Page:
The DuPont Company invented the synthetic rubber neoprene in 1930, which is also known as polychloroprene. It is a polymer used in many diverse applications such as wet suits, adhesives, and Velcro. It can be a solid or a liquid and is considered chemically stable. Neoprene itself is not considered toxic. However, gases from neoprene production may be hazardous, and some adhesives containing neoprene may cause skin sensitivity.
Colophony Skin Sensitization
In 2002 the European Union Dangerous Preparations Directive 1999/45/EC classified colophony, which is usually found in tree resin, as a skin contact sensitizer. Neoprene adhesives have about four percent colophony, which is also called rosin. The European Union states that a colophony level of 0.1 percent or greater must be labeled and may pose as a skin contact sensitizer. DuPont recommends manufacturers of adhesives with neoprene determine whether or not colophony levels are above 0.1 percent, which then need mandatory labeling.
Static Charge and Hydrogen Chloride
Solid neoprene comes in chips that may accumulate electrical static charge during packing and shipping. The National Fire Protection Association recommends that warehouses storing neoprene display warning signs because electrical static charges may pose a fire risk. If neoprene is burned in a fire, hydrogen chloride gas is released. Hydrogen chloride is considered a severe eye and respiratory irritant. Animals exposed to high levels of this chemical developed tracheal and bronchial necrosis. 1,350 parts per million of hydrogen chloride gas causes clouding in the cornea after 90 minutes, and it may also cause dental discoloration and burns in nasal membranes.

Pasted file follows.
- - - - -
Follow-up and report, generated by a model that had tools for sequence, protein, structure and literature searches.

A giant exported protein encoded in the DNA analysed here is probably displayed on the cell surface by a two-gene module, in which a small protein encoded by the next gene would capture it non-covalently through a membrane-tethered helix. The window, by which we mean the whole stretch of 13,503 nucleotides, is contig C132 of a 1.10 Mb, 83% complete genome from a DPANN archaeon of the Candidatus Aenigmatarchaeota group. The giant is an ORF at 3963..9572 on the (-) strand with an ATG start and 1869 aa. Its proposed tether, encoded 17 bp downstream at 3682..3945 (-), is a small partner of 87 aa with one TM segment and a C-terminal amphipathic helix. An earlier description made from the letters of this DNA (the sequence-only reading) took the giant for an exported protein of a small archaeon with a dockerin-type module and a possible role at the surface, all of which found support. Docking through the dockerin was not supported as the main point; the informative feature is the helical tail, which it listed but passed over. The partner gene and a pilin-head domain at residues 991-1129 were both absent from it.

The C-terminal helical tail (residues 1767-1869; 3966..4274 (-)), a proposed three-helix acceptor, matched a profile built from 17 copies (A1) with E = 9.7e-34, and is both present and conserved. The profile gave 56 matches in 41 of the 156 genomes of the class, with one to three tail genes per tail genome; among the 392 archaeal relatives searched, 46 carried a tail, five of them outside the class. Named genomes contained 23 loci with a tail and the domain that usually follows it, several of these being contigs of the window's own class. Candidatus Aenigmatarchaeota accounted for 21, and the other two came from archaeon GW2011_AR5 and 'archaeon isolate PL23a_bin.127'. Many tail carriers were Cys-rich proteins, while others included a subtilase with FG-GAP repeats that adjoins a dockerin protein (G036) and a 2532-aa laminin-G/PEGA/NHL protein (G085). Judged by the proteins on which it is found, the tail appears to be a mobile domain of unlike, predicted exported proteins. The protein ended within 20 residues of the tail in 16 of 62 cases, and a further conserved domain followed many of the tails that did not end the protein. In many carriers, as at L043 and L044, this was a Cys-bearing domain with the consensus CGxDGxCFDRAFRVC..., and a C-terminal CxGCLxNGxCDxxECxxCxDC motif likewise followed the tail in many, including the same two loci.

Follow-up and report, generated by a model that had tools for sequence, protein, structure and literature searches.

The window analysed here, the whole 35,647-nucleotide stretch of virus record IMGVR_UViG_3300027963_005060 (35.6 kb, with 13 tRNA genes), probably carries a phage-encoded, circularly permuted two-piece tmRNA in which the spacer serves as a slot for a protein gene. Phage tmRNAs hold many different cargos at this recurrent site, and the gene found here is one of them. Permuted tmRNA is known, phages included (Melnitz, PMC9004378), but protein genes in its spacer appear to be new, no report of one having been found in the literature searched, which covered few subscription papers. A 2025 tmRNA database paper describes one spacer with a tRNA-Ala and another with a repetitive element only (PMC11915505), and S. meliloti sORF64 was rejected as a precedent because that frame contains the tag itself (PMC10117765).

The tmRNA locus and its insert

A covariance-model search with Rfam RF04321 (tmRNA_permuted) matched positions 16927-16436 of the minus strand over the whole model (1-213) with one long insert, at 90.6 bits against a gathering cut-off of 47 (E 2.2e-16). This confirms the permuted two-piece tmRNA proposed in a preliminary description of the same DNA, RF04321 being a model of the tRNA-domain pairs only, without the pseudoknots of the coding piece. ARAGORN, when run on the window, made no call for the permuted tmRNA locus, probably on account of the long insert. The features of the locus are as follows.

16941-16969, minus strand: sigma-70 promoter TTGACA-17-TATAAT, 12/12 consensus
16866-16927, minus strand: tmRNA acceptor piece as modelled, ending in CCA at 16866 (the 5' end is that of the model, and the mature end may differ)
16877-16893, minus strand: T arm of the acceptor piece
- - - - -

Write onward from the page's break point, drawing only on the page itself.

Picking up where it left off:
Talc Dust Inhalation
Talc is used in the packaging of neoprene solids, and long-term inhalation of talc dust may cause lung disease. Talc has low levels of crystalline silica, which become airborne during the movement of neoprene chips. DuPont considers talc to be a human carcinogen because laboratory rats exposed to it had increased lung inflammation and adrenal and lung tumors. Handling neoprene must be done wile using a respirator in a well-ventilated room.
Butadiene from Neoprene
The EPA has listed butadiene as a toxic pollutant, and it may be released as a gas during neoprene production. A study done at the EPA's Atmospheric Research and Exposure Assessment Laboratory showed emission levels of butadiene at two to 40 percent when processing neoprene. Acute low-level exposure to butadiene causes eye, throat and other respiratory irritation. Acute high-level exposure to butadiene may cause nausea, lowering of the pulse and damage to the central nervous system. It is debatable whether or not it is a true carcinogen.